Fiera del libro 2009

WESS Newsletter

Fall 2009, Vol. 33, No. 1

Fiera del Libro 2009: Breaking Out of One’s Shell at the Turin Book Fair

A report with photos by Claude Potts & Sarah G. Wenzel
The 22nd Fiera del Libro was held in Turin, Italy from May 14-18, 2009. This was the last Fiera to be held, as henceforth the book fair will called the Salone Internazionale del Libro (May 13-17, 2010), the original designation it bore at its founding in 1988. Jeffry Larson last reported on this fair in the Fall 2000 WESS Newsletter.
As ever, travel can be a challenge…


My trip was a less-than-optimal but an un-problematic voyage (3 different planes, run by a total of 4 different airlines, 2 busses, 2 trains). In all, the most difficult part was actually finding the hotel, which was tucked back from the street but most conveniently located to the Fiera itself.

My own journey from Berkeley took 33 hours from door-to-door, and involved 1 bus, 1 commuter train (BART), 1 airport shuttle, 2 airplanes, 1 leisurely layover lunch in Geneva, 3 trains, and 1 taxi before I arrived safely at my hotel in Turin.

We had several primary reasons for going to the Fiera: to learn more about Italian publishing, to see the latest offerings, and to get a sense of trends in the Italian book trade that may impact our acquisitions. We each had our own agendas, as well…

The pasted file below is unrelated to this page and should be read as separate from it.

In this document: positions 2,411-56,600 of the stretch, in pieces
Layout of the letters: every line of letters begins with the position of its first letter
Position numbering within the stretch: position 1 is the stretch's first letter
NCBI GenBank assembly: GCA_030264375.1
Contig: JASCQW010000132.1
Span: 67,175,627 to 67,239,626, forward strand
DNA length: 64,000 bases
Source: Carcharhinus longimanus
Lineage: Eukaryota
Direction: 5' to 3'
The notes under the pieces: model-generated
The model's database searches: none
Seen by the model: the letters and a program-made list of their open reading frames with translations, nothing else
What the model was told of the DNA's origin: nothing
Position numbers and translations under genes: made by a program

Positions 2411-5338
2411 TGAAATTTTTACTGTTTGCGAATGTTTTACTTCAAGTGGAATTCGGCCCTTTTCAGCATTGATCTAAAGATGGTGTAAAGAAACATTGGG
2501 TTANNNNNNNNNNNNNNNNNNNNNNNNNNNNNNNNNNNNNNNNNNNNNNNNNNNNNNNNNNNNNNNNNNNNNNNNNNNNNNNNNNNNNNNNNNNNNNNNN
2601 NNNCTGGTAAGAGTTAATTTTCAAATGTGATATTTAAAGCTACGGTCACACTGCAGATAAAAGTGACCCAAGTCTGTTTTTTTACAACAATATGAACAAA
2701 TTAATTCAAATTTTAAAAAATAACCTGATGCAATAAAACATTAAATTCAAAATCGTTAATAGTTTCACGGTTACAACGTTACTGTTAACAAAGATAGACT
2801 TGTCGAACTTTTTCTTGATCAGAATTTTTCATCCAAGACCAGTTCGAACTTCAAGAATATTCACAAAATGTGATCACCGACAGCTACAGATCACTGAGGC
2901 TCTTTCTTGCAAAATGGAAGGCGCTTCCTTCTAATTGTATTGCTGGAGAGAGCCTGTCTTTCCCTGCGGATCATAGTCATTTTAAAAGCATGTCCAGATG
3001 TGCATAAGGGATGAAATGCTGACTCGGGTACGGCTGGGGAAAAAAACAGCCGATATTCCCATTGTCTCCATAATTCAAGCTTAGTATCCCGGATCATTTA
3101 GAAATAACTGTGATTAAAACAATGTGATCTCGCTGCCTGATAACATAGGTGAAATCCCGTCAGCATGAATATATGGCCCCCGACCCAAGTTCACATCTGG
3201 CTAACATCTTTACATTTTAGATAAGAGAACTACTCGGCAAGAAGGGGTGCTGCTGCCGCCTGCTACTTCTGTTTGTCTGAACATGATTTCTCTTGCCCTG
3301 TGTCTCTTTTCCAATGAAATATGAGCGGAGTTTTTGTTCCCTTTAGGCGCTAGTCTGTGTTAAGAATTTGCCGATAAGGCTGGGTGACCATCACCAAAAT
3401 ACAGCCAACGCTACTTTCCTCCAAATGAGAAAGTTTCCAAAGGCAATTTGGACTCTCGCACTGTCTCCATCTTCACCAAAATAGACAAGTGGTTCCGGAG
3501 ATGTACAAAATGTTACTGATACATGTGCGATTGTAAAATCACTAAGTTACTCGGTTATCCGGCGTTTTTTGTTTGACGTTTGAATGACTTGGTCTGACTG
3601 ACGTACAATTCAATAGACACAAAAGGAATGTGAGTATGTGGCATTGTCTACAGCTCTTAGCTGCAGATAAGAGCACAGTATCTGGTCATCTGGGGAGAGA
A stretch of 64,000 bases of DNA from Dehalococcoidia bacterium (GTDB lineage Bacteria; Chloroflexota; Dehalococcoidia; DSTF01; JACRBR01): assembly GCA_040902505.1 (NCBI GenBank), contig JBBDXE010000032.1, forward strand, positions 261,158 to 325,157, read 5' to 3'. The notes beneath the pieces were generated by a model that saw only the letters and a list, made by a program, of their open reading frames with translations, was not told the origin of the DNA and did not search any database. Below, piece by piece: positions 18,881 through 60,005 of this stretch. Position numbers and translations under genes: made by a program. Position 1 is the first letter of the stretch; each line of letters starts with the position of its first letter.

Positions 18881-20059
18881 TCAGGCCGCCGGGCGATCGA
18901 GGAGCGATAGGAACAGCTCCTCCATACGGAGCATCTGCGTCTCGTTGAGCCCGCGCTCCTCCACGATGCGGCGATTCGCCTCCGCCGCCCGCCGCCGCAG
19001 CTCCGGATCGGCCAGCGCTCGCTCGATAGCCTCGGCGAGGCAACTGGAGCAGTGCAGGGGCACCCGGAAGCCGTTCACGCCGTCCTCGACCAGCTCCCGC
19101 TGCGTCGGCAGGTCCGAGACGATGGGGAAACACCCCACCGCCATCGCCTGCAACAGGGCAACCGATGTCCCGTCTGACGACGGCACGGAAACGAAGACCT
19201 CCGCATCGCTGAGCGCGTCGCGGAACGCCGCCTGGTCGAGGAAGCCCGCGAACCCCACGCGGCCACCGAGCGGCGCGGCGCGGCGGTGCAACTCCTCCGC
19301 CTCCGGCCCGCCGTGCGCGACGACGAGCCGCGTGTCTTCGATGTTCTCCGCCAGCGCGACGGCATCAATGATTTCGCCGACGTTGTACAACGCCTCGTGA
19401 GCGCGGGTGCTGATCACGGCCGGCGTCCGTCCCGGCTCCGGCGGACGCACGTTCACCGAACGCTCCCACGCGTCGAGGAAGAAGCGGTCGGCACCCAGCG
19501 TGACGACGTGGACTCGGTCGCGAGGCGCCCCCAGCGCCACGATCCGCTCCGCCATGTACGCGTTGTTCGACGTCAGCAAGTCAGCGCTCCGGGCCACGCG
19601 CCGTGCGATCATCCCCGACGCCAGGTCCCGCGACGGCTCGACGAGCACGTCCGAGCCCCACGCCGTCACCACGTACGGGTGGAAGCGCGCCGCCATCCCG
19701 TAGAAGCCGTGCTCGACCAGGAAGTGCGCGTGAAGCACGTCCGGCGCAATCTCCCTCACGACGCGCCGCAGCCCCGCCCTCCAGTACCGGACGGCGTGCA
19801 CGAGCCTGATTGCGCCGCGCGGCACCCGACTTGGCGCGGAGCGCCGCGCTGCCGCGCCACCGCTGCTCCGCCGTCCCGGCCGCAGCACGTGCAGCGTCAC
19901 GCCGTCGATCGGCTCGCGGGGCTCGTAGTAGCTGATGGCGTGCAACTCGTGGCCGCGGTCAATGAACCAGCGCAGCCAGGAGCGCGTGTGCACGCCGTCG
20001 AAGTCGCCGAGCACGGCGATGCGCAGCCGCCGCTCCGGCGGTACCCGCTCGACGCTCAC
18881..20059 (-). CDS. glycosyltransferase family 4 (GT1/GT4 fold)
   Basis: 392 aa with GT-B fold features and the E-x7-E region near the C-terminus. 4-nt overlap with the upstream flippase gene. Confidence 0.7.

In addition to all of the above, as a guest of the Italian Trade Commission & International Book Forum (IBF), I also wanted to participate fully in interacting with the other delegates attending the fair. I was able to learn a great deal about European publishing trends and interests, and build upon the knowledge I’d gathered at other fairs. Furthermore, because those who were here to buy or sell books and rights offered insights into Italian publishing.

I had my own table in the IBF area and met with a variety of interesting delegates from different publishers or agencies, including:
Avagliano Editore, Sperling & Kupfer Editori, RCS LIBRI SPA/BOMPIANI, Agenzia Servizi Editoriali, Bertrand Brasil, Tumbona Ediciones, Lavieri Edizioni, Literarische Agentur Mertin, edizioni Pendragon srl.
I was a bit surprised to find myself meeting with delegates who were not from Italy, and had very informative and rewarding conversations with them. Particularly interesting from the collections perspective were Lavieri Edizioni and Tumbona Ediciones who were kind enough to give me some books to take back to the Library.

While I didn’t have my very own table in the IBF area but I hardly had time to rest – so much to see, so little time. Fueling myself up with cappuccini and fresh squeezed succhi d’arancia every couple of hours, I was able to make some fantastic discoveries at the Fiera. Here are a few: edizioni e/o, Fazi Editore, Edizoni Casagrande, Edizioni di Pagina, Transeuropa Edizioni, Edizioni Nottetempo, Tittivillus Edizioni, Fandango Libri, Neri Pozza Editore, Prospectiva Editrice, Edizioni Pantarei, Sandro Teti Editore, Round Robin, and Ancora del Mediterraneo.